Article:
CHENNAI : As the 16-day Campaign Against Gender Based Violence is underway in several parts of the world, Chennai’s Disability Rights Alliance is running a 15-day campaign to point out how basic fundamental rights eludes people with disabilities. December 3 was the International Day of Persons with Disabilities (PWDs). If we spend as much time in India understanding disability as we do on conjuring cringeworthy terms, i.e Divyang to address PWDs, we’d be far ahead in finding solutions.
A medical way of looking at disability was to categorise people as able, and others as physically, mentally, sensorily, cognitively or intellectually impaired or suffering from chronic disease. A more nuanced way of looking at disability is in realising that there are barriers in keeping PWDs from participating fully in all aspects of life, and when these barriers need to be removed for access to be created and PWDs to be included.
Rather than googling the above to find out more, looking up ‘Sexuality and Disability’ and ‘Skin Stories’ for finding the ways in which gender, sexuality and disability intersect and never asking a PWD if they miss not being able-bodied, is understanding privilege. This essentially means realising that as an able-bodied person, you may be able to do what you want to do, when you want to do it, and independently, and there are those who cannot. Think about going to the beach and walking on the sand to the water. A PWD can’t.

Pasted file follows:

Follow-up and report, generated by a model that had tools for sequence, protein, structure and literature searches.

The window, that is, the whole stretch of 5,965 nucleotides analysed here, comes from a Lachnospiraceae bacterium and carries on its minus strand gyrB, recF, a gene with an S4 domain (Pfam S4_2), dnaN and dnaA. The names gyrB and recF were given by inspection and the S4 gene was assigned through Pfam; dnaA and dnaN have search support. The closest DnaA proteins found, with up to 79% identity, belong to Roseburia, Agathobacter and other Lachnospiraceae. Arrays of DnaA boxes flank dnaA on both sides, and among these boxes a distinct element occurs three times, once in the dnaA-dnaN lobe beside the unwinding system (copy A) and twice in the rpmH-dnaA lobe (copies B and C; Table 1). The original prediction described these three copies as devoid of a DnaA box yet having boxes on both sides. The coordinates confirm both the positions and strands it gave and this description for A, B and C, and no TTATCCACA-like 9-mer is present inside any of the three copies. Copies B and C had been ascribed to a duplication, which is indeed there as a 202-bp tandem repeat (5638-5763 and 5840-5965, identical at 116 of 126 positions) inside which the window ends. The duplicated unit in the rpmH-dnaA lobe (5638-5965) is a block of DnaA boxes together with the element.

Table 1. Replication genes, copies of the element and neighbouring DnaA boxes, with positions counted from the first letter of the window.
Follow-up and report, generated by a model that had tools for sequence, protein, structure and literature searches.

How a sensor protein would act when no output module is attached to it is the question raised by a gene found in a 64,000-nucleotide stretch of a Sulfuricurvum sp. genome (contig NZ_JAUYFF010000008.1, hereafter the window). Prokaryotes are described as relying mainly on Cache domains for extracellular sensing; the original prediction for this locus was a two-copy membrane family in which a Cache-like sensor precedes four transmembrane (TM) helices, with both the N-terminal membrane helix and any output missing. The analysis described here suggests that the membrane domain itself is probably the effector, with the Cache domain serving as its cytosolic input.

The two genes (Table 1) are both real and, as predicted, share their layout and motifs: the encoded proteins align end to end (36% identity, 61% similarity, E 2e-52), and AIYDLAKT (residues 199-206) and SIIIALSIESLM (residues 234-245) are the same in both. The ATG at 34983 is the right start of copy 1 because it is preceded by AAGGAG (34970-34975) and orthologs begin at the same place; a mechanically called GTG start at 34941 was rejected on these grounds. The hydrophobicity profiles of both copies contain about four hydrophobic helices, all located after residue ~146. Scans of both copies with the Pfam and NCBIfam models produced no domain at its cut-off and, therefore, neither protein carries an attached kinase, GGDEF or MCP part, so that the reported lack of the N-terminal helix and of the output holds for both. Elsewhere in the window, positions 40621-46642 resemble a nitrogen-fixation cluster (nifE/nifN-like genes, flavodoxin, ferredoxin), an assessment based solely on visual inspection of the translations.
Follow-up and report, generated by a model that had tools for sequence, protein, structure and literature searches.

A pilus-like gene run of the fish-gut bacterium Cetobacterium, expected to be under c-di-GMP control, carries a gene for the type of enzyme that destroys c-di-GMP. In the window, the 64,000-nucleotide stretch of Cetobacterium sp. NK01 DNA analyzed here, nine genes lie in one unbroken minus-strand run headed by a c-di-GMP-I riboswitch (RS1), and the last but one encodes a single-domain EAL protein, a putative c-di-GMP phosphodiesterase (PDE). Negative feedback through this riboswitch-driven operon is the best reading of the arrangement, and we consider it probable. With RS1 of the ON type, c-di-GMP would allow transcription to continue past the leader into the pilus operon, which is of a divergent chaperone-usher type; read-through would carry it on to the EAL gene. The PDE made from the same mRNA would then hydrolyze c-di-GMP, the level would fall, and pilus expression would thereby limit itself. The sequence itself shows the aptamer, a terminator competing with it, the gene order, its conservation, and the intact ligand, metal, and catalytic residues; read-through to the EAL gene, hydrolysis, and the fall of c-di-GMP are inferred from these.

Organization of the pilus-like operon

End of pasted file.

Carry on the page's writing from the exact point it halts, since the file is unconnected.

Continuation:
This is not to reiterate the pity that we seem to hold in abundance, nor the want-to-do-something attitude that volunteers to carry people over the sand, or flights of stairs. It is to get us to think about the annual struggle to lay out a ramp that can give PWDs equal access to the beach - that there are scores of people in a coastal city that can’t go as they wish to the beach because there are barriers. In some ways, it is the barrier that defines the disability, and logically, if the barrier is removed and the same experience can be had by everybody, there is no disability.
PWDs are often left behind, discriminated against and sidelined. Not surprisingly, they are at much higher risk of experiencing violence, especially women with disabilities. The Centre of Disability Rights website says, “The best way to de-root ableism in our everyday lives, is to ensure that there’s always a seat at the table for those who are like you and those who are not, but also checking ourselves on how we treat people with disabilities once they are at the table. As simple as this sounds, de-rooting ableism is often as simple as treating disabled people like you would anyone else.”
To that I’ll add another post I saw on Facebook, “I notice so many places where (some) PWDs could participate passively, but not be leaders. Churches with accessible pews, but stairs to the pulpit; places for students to sit, but inaccessible podium. Accessibility means leadership, not just spectatorship!” What we need to do as colleagues, bosses, partners and friends is account for all that is disabling as disability, even pain, and do what it takes to remove barriers to increase access and participation. It’s not hard if we put our minds to it!